Managing Students Virtually

Coordinating a geographically dispersed student body that learns primarily online is just one of the key challenges that modern institutions of higher education are facing. With more education taking place online–and in some cases, all of that education happening on the Web–colleges are being forced to rethink their classroom and student management strategies.

At Capella University, a recently upgraded Web portal serves as the center point for the virtual school’s student and course management activities. The new system replaces a portal platform that was delivered through the school’s PeopleSoft Enterprise Resource Planning (ERP) software.

That platform handled basic, transactional processes like tuition payments, course registration and interactions with the ERP, but it "wasn’t designed to be a Web experience," said Jason Scherschligt, Capella’s online user experience manager.

Providing a ‘World Class Online Experience’
That missing link was becoming a problem for the all-online university. "Our entire university experience has to be delivered successfully over the Web," Scherschligt explained. "Before the upgrade, we weren’t providing the world class online experience for anything beyond course interaction."

Before investing in any new technology, Scherschligt said his team came up with four basic areas that the new student portal would have to address. Those areas included formal academic learning; administrative tools; rich support resources like tutoring help and technical support; and access to faculty members and other college students.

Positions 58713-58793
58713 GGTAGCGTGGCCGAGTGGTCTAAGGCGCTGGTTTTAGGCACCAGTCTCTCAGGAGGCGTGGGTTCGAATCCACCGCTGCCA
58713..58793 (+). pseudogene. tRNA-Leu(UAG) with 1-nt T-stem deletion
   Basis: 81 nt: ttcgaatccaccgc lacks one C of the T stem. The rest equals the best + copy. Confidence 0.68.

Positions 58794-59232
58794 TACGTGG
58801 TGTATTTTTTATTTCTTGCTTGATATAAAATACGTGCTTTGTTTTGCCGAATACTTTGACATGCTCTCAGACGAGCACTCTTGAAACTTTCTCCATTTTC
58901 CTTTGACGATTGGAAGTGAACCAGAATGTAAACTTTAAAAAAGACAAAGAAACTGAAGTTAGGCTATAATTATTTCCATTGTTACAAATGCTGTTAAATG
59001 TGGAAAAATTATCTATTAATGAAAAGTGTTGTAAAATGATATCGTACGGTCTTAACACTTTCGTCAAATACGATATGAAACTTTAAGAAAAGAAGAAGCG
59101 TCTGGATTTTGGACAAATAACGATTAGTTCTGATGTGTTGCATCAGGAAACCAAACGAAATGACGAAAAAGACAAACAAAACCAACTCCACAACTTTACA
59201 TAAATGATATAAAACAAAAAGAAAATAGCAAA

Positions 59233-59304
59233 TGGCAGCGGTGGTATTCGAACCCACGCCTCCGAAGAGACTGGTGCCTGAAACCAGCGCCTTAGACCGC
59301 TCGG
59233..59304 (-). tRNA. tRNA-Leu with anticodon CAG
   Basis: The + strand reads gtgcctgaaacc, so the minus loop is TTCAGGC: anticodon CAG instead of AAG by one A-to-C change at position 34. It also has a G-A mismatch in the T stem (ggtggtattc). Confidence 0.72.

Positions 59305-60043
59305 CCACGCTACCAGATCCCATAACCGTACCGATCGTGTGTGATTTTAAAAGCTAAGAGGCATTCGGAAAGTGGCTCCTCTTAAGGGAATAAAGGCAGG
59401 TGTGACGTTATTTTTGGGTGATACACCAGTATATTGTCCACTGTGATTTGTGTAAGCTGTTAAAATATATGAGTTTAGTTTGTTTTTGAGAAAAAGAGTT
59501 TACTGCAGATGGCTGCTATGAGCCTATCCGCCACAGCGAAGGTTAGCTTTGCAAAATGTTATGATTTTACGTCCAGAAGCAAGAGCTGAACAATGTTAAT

Scherschligt said all of those elements were considered during the research phase, which was enabled by a technical consulting firm that performed an unbiased evaluation of several portal options. Important points like flexibility, architecture, interface, text and multimedia elements, and user base vitality were also factored in.

In mid-2010, after a yearlong pilot program, Capella rolled out the new iteration of its iGuide portal. During the pilot phase, Scherschligt said, the university solicited feedback on the new system from its faculty and students and then used that input to tweak and adjust the portal to meet those needs.

"We discovered that some of the things that keep our [students] coming back quarter after quarter–and saying good things about Capella to their friends–could be tackled by making portal platform improvements," Scherschligt explained. "So we took the time to figure out how much value every portal feature would deliver to our users."

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CAMPUS TECHNOLOGY

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